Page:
If you’re like most drivers, you probably don’t think about your brakes until there’s a problem. And when that problem arises, it can be difficult to know how to fix it. Brake repair is a lot simpler than many people think – once you know the basics. In this article, we’ll walk you through everything you need to know about brake repair, from understanding the basics of how they work to fixing common problems.

What Are Brakes And How Do They Work?

The car’s brakes are one of the most important safety features. Brakes work by using pressure from the brake pedal to push brake pads against the rotor, which stops the rotation of the wheel.

There are a few main components that make up your braking system:

  • Brake pedal: The brake pedal is what you use to push down on to stop your car. Brake pedals are designed in such a way that they need only minimal force from you, even if there is an issue with the braking system.
  • Brake pads: Brake pads are attached to your brake caliper and have pistons in them that press against the rotor when you step on the brake pedal. Brake pads are what stop the car.
  • Rotor: The rotor is attached to your wheel and spins with it. Brake pads press against the rotor to stop the rotation of the wheel.
  • Caliper: The caliper surrounds the brake pad and pistons, and pushes them against the rotor to create friction and stop the car.
  • Brake fluid: Brake fluid is what helps transfer the pressure from your brake pedal to the caliper so that it can push against the rotor and stop the car. Brake fluid is kept in a reservoir near your engine.
  • Master cylinder: The master cylinder is located near your brake pedal and is what helps transfer the pressure from your brake pedal to the brake fluid in the reservoir.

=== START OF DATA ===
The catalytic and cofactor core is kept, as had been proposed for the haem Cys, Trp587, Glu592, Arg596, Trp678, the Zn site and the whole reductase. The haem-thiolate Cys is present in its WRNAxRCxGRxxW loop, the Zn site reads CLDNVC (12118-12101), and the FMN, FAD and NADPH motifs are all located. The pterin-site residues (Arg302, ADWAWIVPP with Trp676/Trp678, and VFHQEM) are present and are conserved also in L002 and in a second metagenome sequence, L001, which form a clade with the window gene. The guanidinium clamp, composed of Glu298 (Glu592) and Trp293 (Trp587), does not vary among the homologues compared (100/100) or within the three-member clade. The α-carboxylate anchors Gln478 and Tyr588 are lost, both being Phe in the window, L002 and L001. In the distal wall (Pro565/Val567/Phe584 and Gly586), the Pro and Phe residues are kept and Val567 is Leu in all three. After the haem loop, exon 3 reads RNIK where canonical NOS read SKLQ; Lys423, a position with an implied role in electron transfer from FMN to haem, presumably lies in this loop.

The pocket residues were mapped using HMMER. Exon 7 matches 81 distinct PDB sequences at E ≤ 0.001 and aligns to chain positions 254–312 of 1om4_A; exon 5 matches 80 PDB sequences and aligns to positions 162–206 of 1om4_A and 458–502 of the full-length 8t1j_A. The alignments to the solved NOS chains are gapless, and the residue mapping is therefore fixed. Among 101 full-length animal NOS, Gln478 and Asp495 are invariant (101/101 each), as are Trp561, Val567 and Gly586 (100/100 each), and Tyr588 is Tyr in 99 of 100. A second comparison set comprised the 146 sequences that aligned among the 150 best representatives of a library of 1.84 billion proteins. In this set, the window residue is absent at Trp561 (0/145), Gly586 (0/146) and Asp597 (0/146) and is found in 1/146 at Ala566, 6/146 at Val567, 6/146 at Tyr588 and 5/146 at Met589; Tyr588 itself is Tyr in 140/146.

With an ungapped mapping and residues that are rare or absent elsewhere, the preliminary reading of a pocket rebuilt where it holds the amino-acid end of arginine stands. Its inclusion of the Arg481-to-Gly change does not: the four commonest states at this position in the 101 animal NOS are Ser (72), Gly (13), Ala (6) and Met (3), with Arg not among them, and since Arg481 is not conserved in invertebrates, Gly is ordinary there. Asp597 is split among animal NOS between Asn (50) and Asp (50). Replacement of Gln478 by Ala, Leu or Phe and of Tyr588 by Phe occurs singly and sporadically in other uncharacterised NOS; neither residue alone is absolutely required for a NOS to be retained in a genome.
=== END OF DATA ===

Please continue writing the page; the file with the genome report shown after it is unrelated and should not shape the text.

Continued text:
• Brake lines: Brake lines are tubes that run from the master cylinder to the caliper, and carry brake fluid. When you step on the brake pedal, it pushes down on a piston in the master cylinder, which sends pressurized brake fluid through the brake lines to your calipers. Brake fluid is what moves the pistons in your caliper and pushes against the rotor to stop the car.
  • Brake sensors: Brake sensors are located near your wheels, and send messages about things like if you’re braking too hard or need new brakes via light signals on your dashboard.
  • Brake pedal return spring: The brake pedal return spring is what helps the brake pedal snap back up after you’ve released it. This makes it easier for you to push down on the brake pedal next time.

The Basics of Brake Repair

The most common type of brake problem is squealing noise. This usually indicates that the brake pads need to be replaced. You can replace the brake pads yourself, but it’s important to make sure you get the right ones for your car. Brake pads come in different sizes and shapes, so it’s important to get the right ones. You can usually find the size and shape of your brake pads printed on the inside of your car’s hood.